In a case that could have serious consequences for the way Hollywood does business and conducts productions overseas, Los Angeles film executives Gerald Green and his wife Patricia have been found guilty by a federal jury of money laundering, of conspiracy to violate the U.S. Foreign Corrupt Practices Act and of violating the act.
The jury also found Patricia Green guilty of tax evasion.
“I think the government is sending a message to Hollywood,” Gerald Green’s lawyer Jerome Mooney III told TheWrap. “The message is you guys play fast and loose out there with accounting and greasing palms around the world and the Justice Department is going to start looking at your books.”
The decision came down late Friday afternoon, after two and a half weeks of trial.
The Greens, as The Wrap reported on Aug. 2,
were charged by the Department of Justice with having bribed Thai authorities up to $1.8 million between 2002 and 2006 to receive approximately $14 million in government contracts and grants to run the Bangkok International Film Festival.
Green also was the producer of Oliver Stone’s “Salvador” in 1986 and was an executive producer on the 2006 Christian Bale film “Rescue Dawn.”
The conspiracy and corruption charges each carry a maximum penalty of five years in prison, and each of several money laundering counts carries a maximum penalty of up to 20 years in prison. The false subscription of a U.S. income tax return carries a maximum penalty of three years in prison and a fine of not more than $100,000.
Sentencing has been set for Dec. 17, 2009, before the Honorable George Wu in the Central District of California.
Arrested in December 2007, the Greens were charged with having paid bribes to former Tourism Authority of Thailand Governor Juthamas Siriwan and others.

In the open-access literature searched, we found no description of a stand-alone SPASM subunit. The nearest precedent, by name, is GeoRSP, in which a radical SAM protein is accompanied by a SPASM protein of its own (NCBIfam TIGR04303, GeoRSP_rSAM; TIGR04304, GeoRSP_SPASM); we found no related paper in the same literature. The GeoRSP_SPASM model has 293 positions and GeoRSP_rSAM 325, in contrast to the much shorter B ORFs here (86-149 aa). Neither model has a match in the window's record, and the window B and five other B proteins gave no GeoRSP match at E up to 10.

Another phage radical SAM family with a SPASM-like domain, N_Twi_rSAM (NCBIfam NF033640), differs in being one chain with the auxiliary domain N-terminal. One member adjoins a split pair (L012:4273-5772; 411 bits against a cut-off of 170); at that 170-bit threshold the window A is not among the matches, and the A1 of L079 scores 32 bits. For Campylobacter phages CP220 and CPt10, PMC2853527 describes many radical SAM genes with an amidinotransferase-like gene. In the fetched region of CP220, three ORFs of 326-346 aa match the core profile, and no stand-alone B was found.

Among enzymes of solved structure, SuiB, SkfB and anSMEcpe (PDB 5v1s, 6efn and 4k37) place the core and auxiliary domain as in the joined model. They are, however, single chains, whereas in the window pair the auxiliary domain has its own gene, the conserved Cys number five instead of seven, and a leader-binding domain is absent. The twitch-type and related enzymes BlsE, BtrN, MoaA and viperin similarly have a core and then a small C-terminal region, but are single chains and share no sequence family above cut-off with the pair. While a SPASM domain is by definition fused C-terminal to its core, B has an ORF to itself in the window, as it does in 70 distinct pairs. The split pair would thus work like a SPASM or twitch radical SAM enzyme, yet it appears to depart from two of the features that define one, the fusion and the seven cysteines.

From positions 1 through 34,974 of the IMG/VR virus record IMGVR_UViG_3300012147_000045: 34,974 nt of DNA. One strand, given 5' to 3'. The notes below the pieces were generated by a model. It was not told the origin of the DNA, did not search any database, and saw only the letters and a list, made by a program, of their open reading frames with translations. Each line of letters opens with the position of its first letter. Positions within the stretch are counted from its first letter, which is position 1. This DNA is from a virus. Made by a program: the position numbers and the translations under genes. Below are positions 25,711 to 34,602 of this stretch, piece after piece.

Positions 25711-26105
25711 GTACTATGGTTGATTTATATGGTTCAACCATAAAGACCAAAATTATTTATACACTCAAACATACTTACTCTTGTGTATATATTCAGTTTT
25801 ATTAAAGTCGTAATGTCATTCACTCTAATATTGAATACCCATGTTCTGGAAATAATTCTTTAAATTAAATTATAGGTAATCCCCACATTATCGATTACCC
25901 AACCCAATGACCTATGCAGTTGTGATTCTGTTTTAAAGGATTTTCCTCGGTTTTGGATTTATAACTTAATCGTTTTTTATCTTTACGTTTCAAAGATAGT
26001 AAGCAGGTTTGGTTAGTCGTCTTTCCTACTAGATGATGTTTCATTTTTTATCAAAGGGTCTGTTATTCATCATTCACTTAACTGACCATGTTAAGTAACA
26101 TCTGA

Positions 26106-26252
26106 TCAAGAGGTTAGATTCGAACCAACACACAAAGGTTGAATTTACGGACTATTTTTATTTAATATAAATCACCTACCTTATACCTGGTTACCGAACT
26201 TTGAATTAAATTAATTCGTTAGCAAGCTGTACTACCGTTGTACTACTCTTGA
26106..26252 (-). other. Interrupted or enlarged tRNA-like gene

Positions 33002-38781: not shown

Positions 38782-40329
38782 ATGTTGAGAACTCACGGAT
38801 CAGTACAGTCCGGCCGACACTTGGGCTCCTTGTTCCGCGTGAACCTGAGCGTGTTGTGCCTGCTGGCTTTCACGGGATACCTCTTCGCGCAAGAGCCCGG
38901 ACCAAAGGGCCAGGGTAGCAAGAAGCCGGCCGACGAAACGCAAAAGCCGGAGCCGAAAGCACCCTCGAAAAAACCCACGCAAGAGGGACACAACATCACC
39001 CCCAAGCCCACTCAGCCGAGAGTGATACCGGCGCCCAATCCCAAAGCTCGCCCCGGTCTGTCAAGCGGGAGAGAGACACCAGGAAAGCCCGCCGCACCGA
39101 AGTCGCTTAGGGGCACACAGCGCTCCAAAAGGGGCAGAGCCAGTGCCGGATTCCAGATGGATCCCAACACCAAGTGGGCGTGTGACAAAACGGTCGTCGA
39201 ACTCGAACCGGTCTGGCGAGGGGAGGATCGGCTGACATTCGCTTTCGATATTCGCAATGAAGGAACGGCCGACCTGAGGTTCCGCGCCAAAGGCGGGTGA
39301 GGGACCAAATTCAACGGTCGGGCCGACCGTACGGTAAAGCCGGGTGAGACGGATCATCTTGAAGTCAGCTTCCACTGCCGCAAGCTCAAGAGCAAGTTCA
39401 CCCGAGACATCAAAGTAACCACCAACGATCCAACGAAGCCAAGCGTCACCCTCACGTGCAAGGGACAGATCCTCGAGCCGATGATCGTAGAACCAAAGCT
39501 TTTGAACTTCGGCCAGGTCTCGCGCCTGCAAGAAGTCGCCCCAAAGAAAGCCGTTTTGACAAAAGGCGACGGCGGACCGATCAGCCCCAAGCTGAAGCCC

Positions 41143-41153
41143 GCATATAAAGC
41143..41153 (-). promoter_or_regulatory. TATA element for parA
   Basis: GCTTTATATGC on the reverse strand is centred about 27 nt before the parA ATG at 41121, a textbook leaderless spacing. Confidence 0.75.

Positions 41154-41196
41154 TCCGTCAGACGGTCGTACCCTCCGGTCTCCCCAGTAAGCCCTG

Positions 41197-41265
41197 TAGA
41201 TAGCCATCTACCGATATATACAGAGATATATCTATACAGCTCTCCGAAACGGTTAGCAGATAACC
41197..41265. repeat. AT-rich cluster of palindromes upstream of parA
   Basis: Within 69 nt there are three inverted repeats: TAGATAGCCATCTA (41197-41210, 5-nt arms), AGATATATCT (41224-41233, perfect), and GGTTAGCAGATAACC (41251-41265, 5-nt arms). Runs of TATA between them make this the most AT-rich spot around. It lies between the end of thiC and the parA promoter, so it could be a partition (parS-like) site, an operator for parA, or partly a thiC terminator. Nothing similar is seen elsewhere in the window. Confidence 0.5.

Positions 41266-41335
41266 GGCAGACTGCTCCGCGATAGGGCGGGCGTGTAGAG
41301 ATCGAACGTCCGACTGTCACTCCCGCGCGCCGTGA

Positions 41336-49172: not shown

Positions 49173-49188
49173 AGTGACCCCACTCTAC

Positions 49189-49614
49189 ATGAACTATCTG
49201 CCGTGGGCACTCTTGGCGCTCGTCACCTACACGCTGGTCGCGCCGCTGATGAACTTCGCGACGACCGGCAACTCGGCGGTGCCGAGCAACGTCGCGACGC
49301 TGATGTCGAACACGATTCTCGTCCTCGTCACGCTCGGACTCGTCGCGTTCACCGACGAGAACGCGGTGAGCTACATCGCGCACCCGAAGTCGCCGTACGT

The department charged that “defendant Gerald Green altered and falsified film production budgets to make them appear as though they were created in 2006 in an effort to characterize bribe payments as bona fide film production expenses” when the budgets “were not created in 2006."
With red carpet appearances by stars such as Catherine Deneuve and Michael Douglas and the screening films such as Julie Taymor’s “Frida,” Pedro Almodovar’s “Talk to Her” and Park Chan-wook’s “Old Boy,” the Greens, Mooney said, “put the Bangkok Film Festival on the map.”
Their involvement with the festival, and the various spin-offs of it, ended when Siriwan and other officials they dealt with lost their pivotal positions in a coup in 2006.
The corrupt practices act became law in 1977. In recent years, starting under the administration of George W. Bush and continuing under Barack Obama, investigations and prosecutions under the act have become the Department of Justice’s number two enforcement priority behind terrorism cases.
The act prohibits American citizens and corporations from making “an offer or payment of anything of value to a foreign official, foreign political party or candidate for political office, for the purpose of influencing any act of that foreign official in violation of the duty of that official, or to secure any improper advantage in order to obtain or retain business.”
The problem with the corrupt practices act and the film industry, lawyer Mooney told TheWrap before trial, is that the act neglects to take into account the real cost of doing business outside North America and Western Europe. “The fact, is in the movie business there are many things that have to be taken care of, and that have to be paid in local areas,” he said.
By prosecuting the couple, the U.S. government is simply "not accurate in what it is saying. They never inflated any budgets for any purpose, and they did not hide any of the funds they paid to anywhere,” he said. “They all showed up properly in their books and records.”
On Monday, Mooney warned: “Hollywood is going to have to be very careful in the near future. The mindset of the culture is going to have to change."
"As these convictions demonstrate, the Department of Justice will not waiver in its fight against corruption, whether perpetrated within our borders or abroad," Assistant Attorney General Lanny Breuer said in a statement Monday.
"The FCPA is a powerful tool that the Department will continue to use in an effort to stop individuals like the Greens who seek to further their own business interests through bribes paid to foreign officials."